A new report by Wood Mackenzie states that lithium-ion battery recycling is not expected to take off before 2030.
The market analyst’s base case scenario expects EV penetration to reach 23% by 2030, which means that demand for batteries is expected to rise as well, with 89% of such demand attributed to the auto sector by 2040.
According to Max Reid, lead author of the report, underneath the surface of this electric future lies a relatively young supply chain struggling to keep up.
“The Li-ion battery demand market can fluctuate over months and expanding upstream and midstream to produce battery materials involves lead times of several years,” he said. “As it is a new industry, there is limited historic capacity to flip the switch on, and yet many see this as a ripe environment for recycling to make a tangible impact.”
However, Reid pointed out that battery recycling focuses — at least at present — on the portable electronics market because recyclers benefit from technologies with an easily accessible battery, compared with EV batteries.
“EV-packs are complex to disassemble into individual cells, so recyclers are left to discharge packs in conductive baths before mechanically shredding them into a mix of constituent materials,” Reid said. “Furthermore, currently new batteries cost less to produce, hence disincentivizing battery recycling as the value of recovered material is reduced.”
In addition, battery manufacturers are leaning towards using cheaper materials, a situation that, according to WoodMac, pushes recyclers to increase the efficiency of their processes to maintain profit. Moreover, the introduction of new materials such as solid-state electrolytes will likely require recyclers to retrofit their processes.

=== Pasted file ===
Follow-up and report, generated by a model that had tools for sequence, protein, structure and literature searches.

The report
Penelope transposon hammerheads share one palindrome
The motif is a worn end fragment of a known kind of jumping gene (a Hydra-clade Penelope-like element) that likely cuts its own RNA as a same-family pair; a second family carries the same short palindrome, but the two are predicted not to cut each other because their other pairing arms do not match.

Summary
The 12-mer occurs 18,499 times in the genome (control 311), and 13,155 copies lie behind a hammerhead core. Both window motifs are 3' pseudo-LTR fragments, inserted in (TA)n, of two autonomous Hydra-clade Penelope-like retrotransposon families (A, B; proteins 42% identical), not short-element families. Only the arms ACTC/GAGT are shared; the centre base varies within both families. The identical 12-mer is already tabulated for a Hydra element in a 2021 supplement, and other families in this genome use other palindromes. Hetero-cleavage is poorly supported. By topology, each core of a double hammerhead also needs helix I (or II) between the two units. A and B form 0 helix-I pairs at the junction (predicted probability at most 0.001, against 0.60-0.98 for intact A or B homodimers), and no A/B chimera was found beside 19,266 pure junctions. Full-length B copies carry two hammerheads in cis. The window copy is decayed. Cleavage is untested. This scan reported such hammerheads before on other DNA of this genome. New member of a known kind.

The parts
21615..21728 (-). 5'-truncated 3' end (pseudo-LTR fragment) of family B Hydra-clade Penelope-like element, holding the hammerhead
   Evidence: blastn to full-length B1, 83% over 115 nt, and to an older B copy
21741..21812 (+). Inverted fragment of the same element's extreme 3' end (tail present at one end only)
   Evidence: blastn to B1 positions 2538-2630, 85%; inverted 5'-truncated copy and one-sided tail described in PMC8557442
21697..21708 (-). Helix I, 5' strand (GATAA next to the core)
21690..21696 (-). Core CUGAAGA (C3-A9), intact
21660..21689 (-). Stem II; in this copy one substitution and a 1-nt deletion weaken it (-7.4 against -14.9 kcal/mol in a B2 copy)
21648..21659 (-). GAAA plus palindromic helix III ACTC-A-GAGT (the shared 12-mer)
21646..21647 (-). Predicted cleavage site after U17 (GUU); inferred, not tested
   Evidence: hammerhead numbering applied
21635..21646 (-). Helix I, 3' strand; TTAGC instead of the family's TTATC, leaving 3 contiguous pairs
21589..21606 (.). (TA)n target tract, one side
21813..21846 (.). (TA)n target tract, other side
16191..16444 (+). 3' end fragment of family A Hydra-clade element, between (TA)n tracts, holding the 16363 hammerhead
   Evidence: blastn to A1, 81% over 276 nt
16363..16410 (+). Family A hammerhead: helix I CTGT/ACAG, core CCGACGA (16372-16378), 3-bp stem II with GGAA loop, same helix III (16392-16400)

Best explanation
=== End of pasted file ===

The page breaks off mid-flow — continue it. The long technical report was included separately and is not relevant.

“This decade will see the supply chain further establish itself to be able to supply vast quantities of battery-grade chemicals and cathodes to cell manufacturers, whilst recyclers will struggle with the large mass and complexity of EV-packs,” Reid said.
As an example, the expert mentioned that a new cathode facility will produce 50 kilo-tonnes per annum (ktpa) of NMC or nickel, manganese and cobalt material, whilst a recycling facility will typically process 5-10 ktpa of e-waste – the former equating to roughly 400,000 battery EVs annually and the latter taking in just roughly 30,000 EV-packs yearly.
Reid also said that the lack of recyclable feedstock is a major barrier.
In his view, even though EV manufacturing is set to boom before 2030, the number of end-of-life batteries available for recycling will remain limited for two main reasons: EV penetration at the beginning of the decade is much lower than at the end, and EVs having an increasingly long lifespan —reaching up to 15 years.
“The lack of available secondary supply from recycling is evident, and yet the recycling sector is already scaling up quite aggressively,” the report reads.
Wood Mackenzie’s data show that the total capacity of planned recycling facilities will still overshoot feedstock in 2030 when EoL EV numbers begin to ramp up. The resulting supply imbalance is, thus, expected to leave independent recyclers, especially in North America and Europe, in a scramble for used EV batteries.
“China, which has a mature and large reuse and refurbishment sector for portable electronics, benefits from proximity to the midstream,” WoodMac states. “Chinese recyclers benefit from greater integration with nearby cathode production plants, so Chinese recyclers can regularly bid much higher prices for used batteries than their Western counterparts. Until North America and Europe have developed more integrated raw material supply chains, China will remain the most appealing location for battery recycling.”
For Reid, limitations on feedstocks mean that only the large and integrated recyclers will likely survive and reap the rewards in later years. This means that new entrants into the space should be cautious when looking at bullish expectations for Li-ion recycling.